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Health Sciences Students Teach Community Lifesaving Skills

Medical, nursing and pharmacy students educate Beirutis on the two-step approach to save a life.

By Louisa Ajami

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Participants had the opportunity to practice hands-only CPR on torso mannequins.

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The interprofessional faculty team and students from LAU’s health sciences schools.

A group of students from LAU’s health sciences schools gathered in the Beirut neighborhood of Ain El-Mreisseh in November to educate the public on hands-only Cardiopulmonary Resuscitation (CPR).

Over 100 people gathered to learn and demonstrate how to respond if they witness a person going into cardiac arrest. “This activity aims to raise awareness of the importance of this simple, yet lifesaving, two-step approach to saving a life,” said Dr. Maha Habre, clinical assistant professor of nursing and the Interprofessional Education Program coordinator. “If bystanders know how to perform CPR, they can save someone while help is on the way,” added Dr. Yara Mary Kuyumjian, clinical assistant professor of pharmacy.

According to the American Heart Association (AHA), performing hands-only CPR increases the survival rate of adult cardiac arrest victims by two to three times, especially if performed immediately. The AHA notes, however, that with infants, children, drowning victims, and in cases of drug overdose, doing CPR in conjunction with breathing resuscitation remains ideal.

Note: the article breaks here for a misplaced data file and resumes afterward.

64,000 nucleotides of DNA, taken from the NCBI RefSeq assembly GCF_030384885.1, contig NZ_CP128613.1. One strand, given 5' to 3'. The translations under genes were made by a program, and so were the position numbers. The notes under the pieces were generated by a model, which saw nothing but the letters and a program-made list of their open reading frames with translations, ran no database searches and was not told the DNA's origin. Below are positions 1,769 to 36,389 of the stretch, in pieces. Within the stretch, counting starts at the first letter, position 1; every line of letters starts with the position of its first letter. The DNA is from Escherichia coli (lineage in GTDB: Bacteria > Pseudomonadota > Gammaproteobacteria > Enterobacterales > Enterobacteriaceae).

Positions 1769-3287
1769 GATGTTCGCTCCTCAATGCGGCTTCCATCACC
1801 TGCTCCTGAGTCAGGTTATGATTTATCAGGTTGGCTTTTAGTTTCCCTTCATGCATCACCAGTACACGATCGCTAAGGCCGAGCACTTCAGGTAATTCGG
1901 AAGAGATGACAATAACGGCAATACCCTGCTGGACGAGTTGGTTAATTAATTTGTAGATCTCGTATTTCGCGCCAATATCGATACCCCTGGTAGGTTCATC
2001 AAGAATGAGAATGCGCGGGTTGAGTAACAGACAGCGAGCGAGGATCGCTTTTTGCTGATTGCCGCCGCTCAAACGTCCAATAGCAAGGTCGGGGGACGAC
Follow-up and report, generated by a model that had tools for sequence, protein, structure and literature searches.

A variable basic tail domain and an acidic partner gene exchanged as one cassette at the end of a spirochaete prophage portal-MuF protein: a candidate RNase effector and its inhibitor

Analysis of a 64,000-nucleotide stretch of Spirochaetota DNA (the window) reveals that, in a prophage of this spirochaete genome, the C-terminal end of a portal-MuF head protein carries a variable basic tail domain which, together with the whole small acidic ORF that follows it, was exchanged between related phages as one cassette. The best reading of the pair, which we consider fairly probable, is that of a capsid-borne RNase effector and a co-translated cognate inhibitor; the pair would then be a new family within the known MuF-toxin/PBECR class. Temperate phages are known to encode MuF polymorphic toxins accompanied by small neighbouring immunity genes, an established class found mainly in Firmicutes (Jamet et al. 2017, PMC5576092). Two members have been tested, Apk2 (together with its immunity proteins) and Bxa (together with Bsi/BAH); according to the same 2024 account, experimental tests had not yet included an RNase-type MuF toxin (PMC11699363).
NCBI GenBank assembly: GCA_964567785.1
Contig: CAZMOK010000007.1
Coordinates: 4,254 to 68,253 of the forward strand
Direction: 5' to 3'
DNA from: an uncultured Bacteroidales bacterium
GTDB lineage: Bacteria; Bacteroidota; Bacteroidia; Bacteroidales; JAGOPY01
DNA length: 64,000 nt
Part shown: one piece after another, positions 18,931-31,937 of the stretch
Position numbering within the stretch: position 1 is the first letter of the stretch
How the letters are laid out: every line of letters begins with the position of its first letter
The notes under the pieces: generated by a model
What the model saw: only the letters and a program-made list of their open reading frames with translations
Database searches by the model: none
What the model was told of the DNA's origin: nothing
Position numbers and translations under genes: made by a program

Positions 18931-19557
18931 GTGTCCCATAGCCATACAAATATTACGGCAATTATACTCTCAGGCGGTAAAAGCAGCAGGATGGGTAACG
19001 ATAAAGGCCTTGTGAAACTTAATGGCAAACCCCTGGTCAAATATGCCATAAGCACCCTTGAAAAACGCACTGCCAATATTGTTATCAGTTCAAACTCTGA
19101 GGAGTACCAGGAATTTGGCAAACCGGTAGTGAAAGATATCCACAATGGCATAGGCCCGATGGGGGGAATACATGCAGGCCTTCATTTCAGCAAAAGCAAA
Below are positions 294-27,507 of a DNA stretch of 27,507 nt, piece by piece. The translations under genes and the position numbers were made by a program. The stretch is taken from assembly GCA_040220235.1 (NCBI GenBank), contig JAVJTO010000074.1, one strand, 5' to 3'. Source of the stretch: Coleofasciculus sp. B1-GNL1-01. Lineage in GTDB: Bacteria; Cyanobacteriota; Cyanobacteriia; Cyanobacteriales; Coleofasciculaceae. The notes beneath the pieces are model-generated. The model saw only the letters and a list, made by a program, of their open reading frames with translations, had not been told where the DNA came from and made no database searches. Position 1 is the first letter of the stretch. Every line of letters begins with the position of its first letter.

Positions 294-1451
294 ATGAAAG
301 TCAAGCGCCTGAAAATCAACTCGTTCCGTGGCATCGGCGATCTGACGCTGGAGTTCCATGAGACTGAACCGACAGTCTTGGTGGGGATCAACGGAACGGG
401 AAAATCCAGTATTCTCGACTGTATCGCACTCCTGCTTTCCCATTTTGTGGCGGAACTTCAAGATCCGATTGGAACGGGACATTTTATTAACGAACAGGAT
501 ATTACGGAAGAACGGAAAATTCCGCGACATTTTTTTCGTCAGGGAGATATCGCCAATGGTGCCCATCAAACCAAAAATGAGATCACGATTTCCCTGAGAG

The interprofessional faculty team – composed of Dr. Habre, Dr. Kuyumjian, Assistant Professor of Clinical Medicine Dr. Fayez Abillama, and Clinical Instructor/Program Director of Emergency Medicine Residency Dr. Alain Tanios – and the students gave attendees simple instructions that are easy to remember in times of crisis.

If you see an adolescent or adult suddenly collapse, immediately call the Red Cross (140) or assign a specific person to do so; press hard and fast in the center of the victim’s chest to force the heart to circulate blood until help arrives.

As an extra tip, the trainers suggested doing chest compressions to the tune of the disco hit Stayin’ Alive, which is about 100 to 120 beats per minute.  

Participants had the opportunity to practice hands-only CPR on torso mannequins.

The day was the fruit of a collaboration between LAU’s Interprofessional Education Program, Clinical Simulation Center, and LAU Medical Center-Rizk Hospital, along with the Gilbert and Rose-Marie Chagoury School of Medicine, Alice Ramez Chagoury School of Nursing, and the School of Pharmacy.

For Interprofessional Education Program Chair Dr. Imad Btaiche, who is also the dean of the School of Pharmacy, “The significance of developing such initiative is that it takes interprofessional health sciences education and practice from the hospital setting to the community, and it underscores the role of team-based interprofessional education and practice in public health promotion and preventive care.”

Dr. Abillama agreed, adding, “I believe that everyone should have access to CPR training. The faculty facilitating the activity and the participating students plan to continue raising awareness of this highly important topic at different community settings in order to reach as many people as possible.”

Health-sciences faculty and students had conducted a previous such session in April at ABC Achrafieh mall.

 

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